November 18-24 is World Antimicrobial Awareness Week and this year’s theme is “Spread Awareness, Stop Resistance.”

During this week, I invite everyone to learn more about the responsible use of antibiotics and other antimicrobial drugs in order to help preserve the effectiveness of these much-needed medications.

Antimicrobial resistance (AMR) is already undermining modern medicine and is a major public health threat that can affect anyone, of any age, in any country. AMR can develop naturally over time, but its growth is currently accelerated by the overuse and misuse of antimicrobial drugs in humans and animals. When bacteria, viruses, fungi, and parasites become resistant to antimicrobials, common infections, such as pneumonia, may no longer be treatable.

Throughout our continued fight against the COVID-19 pandemic, we have seen how collective action on a global scale can help save lives. That is why Canada continues to be committed to a coordinated approach on AMR. To tackle this complex health challenge, Canada collaborates with provinces and territories, and key stakeholders, including international partners such as the World Health Organisation (WHO) and the Transatlantic Taskforce on Antimicrobial Resistance (TATFAR).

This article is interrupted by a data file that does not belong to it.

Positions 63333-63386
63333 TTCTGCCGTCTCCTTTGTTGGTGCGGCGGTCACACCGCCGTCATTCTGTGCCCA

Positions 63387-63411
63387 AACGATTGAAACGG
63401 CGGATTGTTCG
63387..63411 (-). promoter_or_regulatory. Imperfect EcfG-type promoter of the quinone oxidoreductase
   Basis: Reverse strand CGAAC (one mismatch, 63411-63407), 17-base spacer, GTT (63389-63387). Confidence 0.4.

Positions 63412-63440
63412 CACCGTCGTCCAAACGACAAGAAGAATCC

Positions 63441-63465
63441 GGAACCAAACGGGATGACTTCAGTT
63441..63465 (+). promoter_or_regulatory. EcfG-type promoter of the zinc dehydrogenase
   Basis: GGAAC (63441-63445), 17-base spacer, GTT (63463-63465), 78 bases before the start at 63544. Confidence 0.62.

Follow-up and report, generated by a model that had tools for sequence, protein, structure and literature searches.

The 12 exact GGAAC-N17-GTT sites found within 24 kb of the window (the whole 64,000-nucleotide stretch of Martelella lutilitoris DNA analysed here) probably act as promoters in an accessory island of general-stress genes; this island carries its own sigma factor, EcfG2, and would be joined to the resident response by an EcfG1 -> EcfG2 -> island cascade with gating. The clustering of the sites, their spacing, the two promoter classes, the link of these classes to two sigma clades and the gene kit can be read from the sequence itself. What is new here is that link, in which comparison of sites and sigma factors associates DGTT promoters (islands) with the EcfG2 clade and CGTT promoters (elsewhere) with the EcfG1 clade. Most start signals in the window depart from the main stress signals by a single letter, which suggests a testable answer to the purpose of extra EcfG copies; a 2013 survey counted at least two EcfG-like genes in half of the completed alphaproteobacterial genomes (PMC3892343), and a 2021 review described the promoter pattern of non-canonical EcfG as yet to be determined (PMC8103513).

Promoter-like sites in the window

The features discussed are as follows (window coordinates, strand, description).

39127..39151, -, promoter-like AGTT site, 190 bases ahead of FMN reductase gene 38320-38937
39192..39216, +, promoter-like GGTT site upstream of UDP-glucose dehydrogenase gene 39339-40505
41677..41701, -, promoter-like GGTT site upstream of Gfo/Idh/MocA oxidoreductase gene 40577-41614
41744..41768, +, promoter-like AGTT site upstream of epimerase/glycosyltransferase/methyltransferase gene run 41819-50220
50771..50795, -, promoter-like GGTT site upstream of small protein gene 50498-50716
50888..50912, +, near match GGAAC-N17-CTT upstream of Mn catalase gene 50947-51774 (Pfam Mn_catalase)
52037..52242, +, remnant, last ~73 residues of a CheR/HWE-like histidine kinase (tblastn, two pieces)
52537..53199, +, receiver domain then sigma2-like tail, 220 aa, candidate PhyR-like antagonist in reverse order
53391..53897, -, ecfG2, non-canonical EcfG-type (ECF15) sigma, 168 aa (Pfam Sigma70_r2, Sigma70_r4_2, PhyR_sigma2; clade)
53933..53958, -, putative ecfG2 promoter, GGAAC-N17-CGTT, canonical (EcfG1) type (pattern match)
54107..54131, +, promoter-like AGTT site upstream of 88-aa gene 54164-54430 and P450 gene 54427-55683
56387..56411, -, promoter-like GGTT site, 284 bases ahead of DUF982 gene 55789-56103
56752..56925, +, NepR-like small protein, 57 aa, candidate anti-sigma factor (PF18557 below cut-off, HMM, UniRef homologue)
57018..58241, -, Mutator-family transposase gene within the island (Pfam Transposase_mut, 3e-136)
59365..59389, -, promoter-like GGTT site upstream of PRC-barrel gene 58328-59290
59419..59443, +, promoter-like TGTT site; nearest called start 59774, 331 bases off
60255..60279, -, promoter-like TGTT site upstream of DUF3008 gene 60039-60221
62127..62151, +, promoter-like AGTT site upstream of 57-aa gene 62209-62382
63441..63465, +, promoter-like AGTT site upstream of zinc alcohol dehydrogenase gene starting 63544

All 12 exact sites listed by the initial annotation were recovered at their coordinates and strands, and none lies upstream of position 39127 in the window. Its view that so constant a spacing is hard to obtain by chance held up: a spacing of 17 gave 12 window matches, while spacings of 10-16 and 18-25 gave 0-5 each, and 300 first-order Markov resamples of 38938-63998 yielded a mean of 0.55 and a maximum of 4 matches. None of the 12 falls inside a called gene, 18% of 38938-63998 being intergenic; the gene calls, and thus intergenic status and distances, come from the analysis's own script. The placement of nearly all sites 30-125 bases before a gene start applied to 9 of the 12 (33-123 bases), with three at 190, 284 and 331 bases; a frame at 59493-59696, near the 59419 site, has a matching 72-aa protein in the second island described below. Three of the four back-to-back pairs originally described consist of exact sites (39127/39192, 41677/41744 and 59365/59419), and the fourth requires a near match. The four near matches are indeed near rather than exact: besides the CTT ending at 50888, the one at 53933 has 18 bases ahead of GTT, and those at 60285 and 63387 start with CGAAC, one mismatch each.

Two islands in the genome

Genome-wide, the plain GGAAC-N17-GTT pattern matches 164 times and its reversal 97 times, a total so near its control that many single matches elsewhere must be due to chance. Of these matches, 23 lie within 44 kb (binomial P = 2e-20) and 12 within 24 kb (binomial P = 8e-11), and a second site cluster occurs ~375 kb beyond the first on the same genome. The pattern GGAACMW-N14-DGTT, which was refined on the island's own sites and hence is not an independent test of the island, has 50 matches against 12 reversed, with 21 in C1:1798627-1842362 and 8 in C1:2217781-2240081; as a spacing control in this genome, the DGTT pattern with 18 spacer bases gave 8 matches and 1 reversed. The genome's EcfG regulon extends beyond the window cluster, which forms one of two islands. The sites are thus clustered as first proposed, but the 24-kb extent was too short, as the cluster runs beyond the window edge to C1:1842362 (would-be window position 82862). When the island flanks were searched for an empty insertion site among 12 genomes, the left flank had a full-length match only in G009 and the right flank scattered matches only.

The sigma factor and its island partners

The Government of Canada has committed to spending $28.6 million over five years, beginning in 2021-22, with $5.7 million per year ongoing to support efforts to prevent the overuse and misuse of antimicrobial drugs and expand efforts to monitor the emergence of AMR in Canada. The Government of Canada, through the Canadian Institutes of Health Research (CIHR), also leads Canada’s research efforts and is a global leader in AMR research. Over the past five years, CIHR has invested $130.7 million in AMR-related research, investing $26.3 million in 2019-2020 alone.

As the causes and impacts of AMR cross human, animal, and plant health, food production and environmental sectors, Canada has adopted a “One Health” approach to respond to AMR. A One Health approach is a holistic, collaborative, multi-sectoral, and trans-disciplinary approach recognizing the interconnections between people, animals, plants and their shared environment.

We can all take simple steps to do our part in fighting AMR. You can find more information on the safe use of antimicrobial drugs at

The Honourable Jean-Yves Duclos, P.C., M.P.

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